PITTSBURG — A few Southeast Kansas Humane Society dogs graduated this past weekend.

The dogs, newly named Bandit and Reece, graduated from a program called Second Chance Pups which taught them how to sit, stay and other things such as leash and house training.

“It went really well,” Clinic Coordinator for Pawprints on the Heartland Robin Carson said. “It was very inspiring and really good to see the two dogs graduate.”

Through Second Chance Pups, dogs from animal shelters are trained at a penitentiary in Nebraska for nine weeks.

There, the dogs are placed with an inmate which they call a handler.

“It is a great rehabilitative measure for the inmates, offering them an opportunity to give back to society in a positive manner and contribute to a solution for the growing problem of uncared-for and unwanted animals,” the Second Chance Pups website reads.

Bandit — originally called Mr. X — was dumped at a gate and was skittish around humans and Reece — originally named Sarah Jessica Parker — was shy and prefered the company of other animals over humans. Both are now obedience trained and each were adopted into a home.

Dogs which show the potential have an opportunity to further their training in different fields such as diabetic training, classroom assistance or help veterans, Carson said.

Carson traveled to Nebraska with SEK Humane Society Animal Caretaker Cara Cobb to watch them both graduate. At the graduation they said their final goodbyes to Bandit and Reece, along with leaving behind a third dog, Haku, who was selected to join the program.

“He [Haku] is one of the most overlooked dogs in the shelter,” Cobb said. “When this came up, it was the best thing that happened for him.”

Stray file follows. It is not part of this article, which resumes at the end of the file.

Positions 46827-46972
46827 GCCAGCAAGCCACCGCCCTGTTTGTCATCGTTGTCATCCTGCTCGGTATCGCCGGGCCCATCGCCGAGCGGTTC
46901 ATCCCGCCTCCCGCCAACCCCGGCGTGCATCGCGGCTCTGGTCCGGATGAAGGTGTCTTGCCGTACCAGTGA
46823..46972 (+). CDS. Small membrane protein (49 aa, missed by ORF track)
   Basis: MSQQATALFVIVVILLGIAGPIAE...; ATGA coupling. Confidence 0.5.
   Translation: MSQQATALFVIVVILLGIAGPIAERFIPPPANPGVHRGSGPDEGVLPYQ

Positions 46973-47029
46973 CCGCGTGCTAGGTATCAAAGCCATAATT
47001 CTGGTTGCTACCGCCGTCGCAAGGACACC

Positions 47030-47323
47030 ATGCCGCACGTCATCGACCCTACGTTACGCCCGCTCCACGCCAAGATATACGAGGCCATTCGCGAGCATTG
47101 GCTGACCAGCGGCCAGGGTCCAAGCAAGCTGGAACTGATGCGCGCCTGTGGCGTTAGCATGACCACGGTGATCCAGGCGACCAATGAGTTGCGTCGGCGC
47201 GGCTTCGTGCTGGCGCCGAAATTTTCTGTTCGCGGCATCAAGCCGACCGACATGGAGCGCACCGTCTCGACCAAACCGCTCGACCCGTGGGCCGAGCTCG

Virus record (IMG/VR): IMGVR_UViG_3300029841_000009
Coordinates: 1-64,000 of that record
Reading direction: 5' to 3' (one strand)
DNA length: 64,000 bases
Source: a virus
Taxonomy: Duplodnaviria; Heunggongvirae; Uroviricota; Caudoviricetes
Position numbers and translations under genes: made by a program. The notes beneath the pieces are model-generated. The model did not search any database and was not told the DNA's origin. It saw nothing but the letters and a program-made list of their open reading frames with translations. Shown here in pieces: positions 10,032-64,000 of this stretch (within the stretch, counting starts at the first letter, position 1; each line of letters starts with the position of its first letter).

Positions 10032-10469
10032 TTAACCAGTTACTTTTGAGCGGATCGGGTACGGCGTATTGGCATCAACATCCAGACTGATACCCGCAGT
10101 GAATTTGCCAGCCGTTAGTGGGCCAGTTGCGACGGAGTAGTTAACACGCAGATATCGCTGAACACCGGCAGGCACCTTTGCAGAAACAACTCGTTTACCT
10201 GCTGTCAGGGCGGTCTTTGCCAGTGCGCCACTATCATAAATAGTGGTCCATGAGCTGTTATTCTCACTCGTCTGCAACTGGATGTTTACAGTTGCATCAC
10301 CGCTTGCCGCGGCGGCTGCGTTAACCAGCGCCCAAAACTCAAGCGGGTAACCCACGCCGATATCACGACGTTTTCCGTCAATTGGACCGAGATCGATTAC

With tears welling in her eyes, Cobb said she called Haku her “dancing bear” because he greeted people by “dancing” using only his back legs. She said many took pictures of his “dance” but never took him home.

Cobb said Haku — just like the other dogs — will receive full attention from the inmates who also benefit from the dogs’ presence. For example, one inmate told Cobb that the training helped channel his stress and frustration into something positive.

“The inmates are so proud of these dogs,” she said.

The SEK Humane Society dogs are not the only ones who have benefited from the program, City of Pittsburg Shelter Manager Sharon Stanley said.

Stanley said the city has adopted out 23 dogs through Second Chance Pups in 2017.

“These 23 dogs could have been euthanized,” she said. “If we didn’t have Second Chance Pups, more dogs could have been euthanized.”

Stanley said the city’s pound is working to keep dogs from being euthanized by placing them in obedience programs like Second Chance Pups, utilizing social media to find their owners and taking them to the Humane Society when a dog has been adopted — 17 have been taken to the shelter this year, saving a total of 40 lives, she said.

— Stephanie Potter is a staff writer at the Morning Sun. She can be emailed at spotter@morningsun.net or follow her on Twitter @PittStephP and Instagram @stephanie_morningsun.